In 1946 the United Nations General Assembly (UNGA) created the United Nations Children Fund (UNICEF) to provide food and healthcare to the children devastated by World War II (WWII). In 1950 the organizations mandate was extended and the organization would now care for the needs of women and children in developing countries. Later in 1953, the organization became a permanent part of the United Nations. UNICEF currently carries out its work in 192 countries and is headquartered in New York and is one of the primary childcare and child rights organization (UNICEF, 2017).
According to a recent report from UNICEF, ‘4.2 million children are in need treatment for malnutrition, 10.3 million need vaccination against measles, 42.8 million lack the access to safe drinking water, 4 million need caregivers, 10.1 million children need access to basic education worldwide’ (UNICEF, 2017). For this in 2018, UNICEF ‘reached out to 3.1 million children. These children needed caregivers, mental and psychological support’ (ibid).
In terms of data, Asia has been a turbulent and a hard region. An insufficient amount of data analyse different studies a gruesome task. This is specifically observed in the case of researches addressing child maltreatment. ‘Since the year 2000 many governmental and non-governmental agencies have been working with multitude of companies and diverse groups of people to get an accurate picture of the phenomena in the region’ (Dunne, et al., 2015). The same paper reported that ‘no country in the Asian region has a negligible amount of child maltreatment. There are clear signs of emotional, physical, sexual abuse and parental neglect’ (ibid).
UNICEF (2019) reported that in ‘2018 thousands of Rohingya in Bangladesh fled from Myanmar and UNICEF provided aid to about 160,000 children’. The same report said in the case of conflicts in Afghanistan that “3.8 million” children will need care in wake of the recent natural disasters, violence, droughts and other such calamities.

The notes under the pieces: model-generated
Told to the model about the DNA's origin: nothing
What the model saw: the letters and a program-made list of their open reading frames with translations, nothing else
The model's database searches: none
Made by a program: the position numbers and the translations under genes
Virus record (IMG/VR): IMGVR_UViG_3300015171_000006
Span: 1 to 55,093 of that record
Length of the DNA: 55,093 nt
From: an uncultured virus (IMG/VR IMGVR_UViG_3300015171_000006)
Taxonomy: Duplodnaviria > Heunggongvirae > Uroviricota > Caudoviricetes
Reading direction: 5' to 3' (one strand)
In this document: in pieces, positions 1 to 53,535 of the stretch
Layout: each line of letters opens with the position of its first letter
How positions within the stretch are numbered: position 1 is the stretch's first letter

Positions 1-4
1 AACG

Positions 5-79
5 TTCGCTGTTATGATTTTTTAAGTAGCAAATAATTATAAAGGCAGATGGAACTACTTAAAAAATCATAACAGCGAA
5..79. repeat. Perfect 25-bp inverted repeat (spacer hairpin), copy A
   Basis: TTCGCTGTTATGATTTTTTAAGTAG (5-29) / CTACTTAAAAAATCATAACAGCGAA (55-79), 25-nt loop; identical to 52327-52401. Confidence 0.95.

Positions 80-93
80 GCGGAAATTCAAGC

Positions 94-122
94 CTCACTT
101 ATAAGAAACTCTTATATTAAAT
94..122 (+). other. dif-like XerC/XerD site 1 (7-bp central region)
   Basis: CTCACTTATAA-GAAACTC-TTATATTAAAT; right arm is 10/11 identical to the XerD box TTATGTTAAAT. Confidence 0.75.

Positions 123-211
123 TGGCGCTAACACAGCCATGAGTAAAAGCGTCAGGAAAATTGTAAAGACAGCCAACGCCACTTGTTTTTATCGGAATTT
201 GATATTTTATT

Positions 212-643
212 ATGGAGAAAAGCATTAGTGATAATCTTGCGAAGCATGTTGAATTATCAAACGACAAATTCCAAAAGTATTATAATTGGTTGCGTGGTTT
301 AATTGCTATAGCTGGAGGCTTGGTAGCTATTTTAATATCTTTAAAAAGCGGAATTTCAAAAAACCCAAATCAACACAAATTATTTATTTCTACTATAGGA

Pakistan is a multicultural and multi ethnic society. People, their practices, their perceptions and outlook on world and life is as varied as the geography of the country. In almost every community of Pakistan, children face problems growing up. Pakistani children face child labor, child abuse and neglect, child trafficking and evils of the sort.
Children in Pakistan are prone to child labor, child trafficking, physical and sexual abuse, and neglect of parents. According to UNICEF, only 34% of children are registered at birth. A comprehensive report prepared by UN committee on the Rights of the Children (CRC) reported that the legislation on child rights was not yet fully synchronized with the state law and was not completely enacted. The report further raised concerns over the state of children in Pakistan regarding “right to life” especially in the regions of conflict (CRC, 2009).
Children in Pakistan also face corporal punishment at schools. The figures record that both teachers as well as parents agree that some amount of corporal punishment is necessary. 20 % of the teachers and 41 % of parents agreed to this. There are children deprived from family environment, 84% of children below the age of 15 live with both parents but 2% of these do not have their biological parents with them. Institutions existing that provide alternative healthcare are inadequate in both quality and quantity (UNICEF, 2015). The same report goes on to note numerous forms of encroachment on child rights all over Pakistan.
To cater to the needs of children and the protection of child rights bureaus were erected like the Child Protection and Welfare Bureau (CP&WB). They provide both the environment and resources to help the children in their material and non-material needs.
Review of Literature
Scheper-Hughes, an anthropologist who worked in the shanty towns of Brazil for over 25 years. There in the poverty filled area mothers would often abandon or kill their newborns or infants as they became a problem for their own survival. In conditions where the survival of mother is in question the life of the child is in danger. In such a state there was no sign of emotions like fear or sorrow (Hughes, 1992). This is to say that in conditions of poverty the survival of everyone is at stake. In such conditions there can be no surety of survival between anyone. Child abuse, child neglect, child mortality, child violence rates are often high in areas with high poverty rates. An article published in “Agenda” clearly notes that there is a relation between poverty and child abuse.